Film Forward

Onscreen Diversity Can Be A Complex Topic. So Is The Way We Measure It.

From the Bechdel Test and beyond.

The ways we watch TV and movies have evolved, and it's time for the talent in front of and behind the camera to do the same. Film Forward speaks on the initiatives to diversify the film industry and the stories it tells. New articles premiere every second Thursday of — and throughout — the month.

If there's one thing many of us can agree on, it's the need for more diversity in entertainment. But how do we determine when the ideal level of representation has been reached?

In some ways, it's simple — does the number of women, minorities, LGBTQ people, and other underrepresented groups accurately reflect society? In other ways, it's more complicated — are these groups represented respectfully and truthfully, in a variety of roles? 

We can answer some of these questions for the industry at large, thanks to regular studies that offer (frequently disheartening, occasionally encouraging) statistics. But when it comes to judging media on an individual basis, things aren't always so straightforward. It's unrealistic to expect every movie or television series to be a perfect reflection of the real world. At the same time, these individual works contribute to a larger whole — one which is regularly analyzed according to the aforementioned standards.

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Can we a judge a movie's diversity in the same way we judge its quality? Or in the same way we judge the industry as a whole? For those who adhere to various tests, grading systems, or ratings, the answer is yes.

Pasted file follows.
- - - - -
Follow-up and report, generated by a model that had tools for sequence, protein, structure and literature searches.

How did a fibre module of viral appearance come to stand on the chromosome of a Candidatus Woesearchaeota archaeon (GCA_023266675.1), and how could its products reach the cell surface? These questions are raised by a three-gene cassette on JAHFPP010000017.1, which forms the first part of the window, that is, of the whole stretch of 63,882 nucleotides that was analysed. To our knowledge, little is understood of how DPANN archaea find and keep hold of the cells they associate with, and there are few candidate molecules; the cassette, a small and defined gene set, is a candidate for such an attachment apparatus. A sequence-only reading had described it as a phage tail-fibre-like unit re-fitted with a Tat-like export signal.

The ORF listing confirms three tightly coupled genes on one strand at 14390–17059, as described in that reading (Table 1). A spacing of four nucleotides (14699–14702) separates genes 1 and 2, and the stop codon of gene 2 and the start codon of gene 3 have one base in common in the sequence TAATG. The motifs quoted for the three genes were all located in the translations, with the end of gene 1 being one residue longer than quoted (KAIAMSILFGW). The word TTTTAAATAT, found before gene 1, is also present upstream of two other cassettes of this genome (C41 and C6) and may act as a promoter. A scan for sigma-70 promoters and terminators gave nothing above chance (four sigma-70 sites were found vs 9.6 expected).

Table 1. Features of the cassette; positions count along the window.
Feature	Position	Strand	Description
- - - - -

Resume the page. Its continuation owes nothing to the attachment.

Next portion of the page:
Arguably the most famous of these methods is the Bechdel Test. Taken from a 1985 comic by cartoonist Alison Bechdel, the test requires a movie to include 1.) two or more (named) women 2.) who speak to each other 3.) about something other than a man. In more recent years, some moviegoers have adopted this as a sort of feminist litmus test for films. A chain of Swedish movie theaters even started giving films that pass the test A ratings. There have also been spin-off tests, such as the Vito Russo Test for LGBTQ representation, and the Maisy Test for sexism in children's programming.

At the same time, many have argued over the intended seriousness of the test. Some see it as simply a commentary on how disappointing women's representation is at the movies (and how, even with the lowest standards, many titles still fail). Thalia Kehoe Rowden, the blogger who created the Maisy Test, told A Plus that she finds the original comic to be "satirical," and chose to set the bar much higher in her own version. Even Bechdel herself has said she feels "ambivalent" about the test's viral popularity. 

Robbie Collin of the Telegraph wrote in 2013 that the test is "damaging to the way we think about film," and argued that "it prizes box-ticking and stat-hoarding over analysis and appreciation."

The Bechdel Test is by no means a foolproof indicator of feminist media or quality. However, while Collin disagrees with the argument that the test has started conversations about the state of women in entertainment, it's safe to say its popularity has inspired many people to think more critically about the media they consume, and the larger patterns that contribute to inequality. "Why do so many movies fail this test?" is certainly a question worth asking, although plenty of other questions should probably accompany it.

The same is true of other methods of measurement, such as tracking the amount of dialogue spoken by certain characters. Recently, a Twitter user who goes by "moth dad" counted the number of lines spoken by men and women in the first episode of Netflix series Godless, which, notably, features a town inhabited only by women. He found that men spoke 73 percent of the lines, compared to women's 27 percent.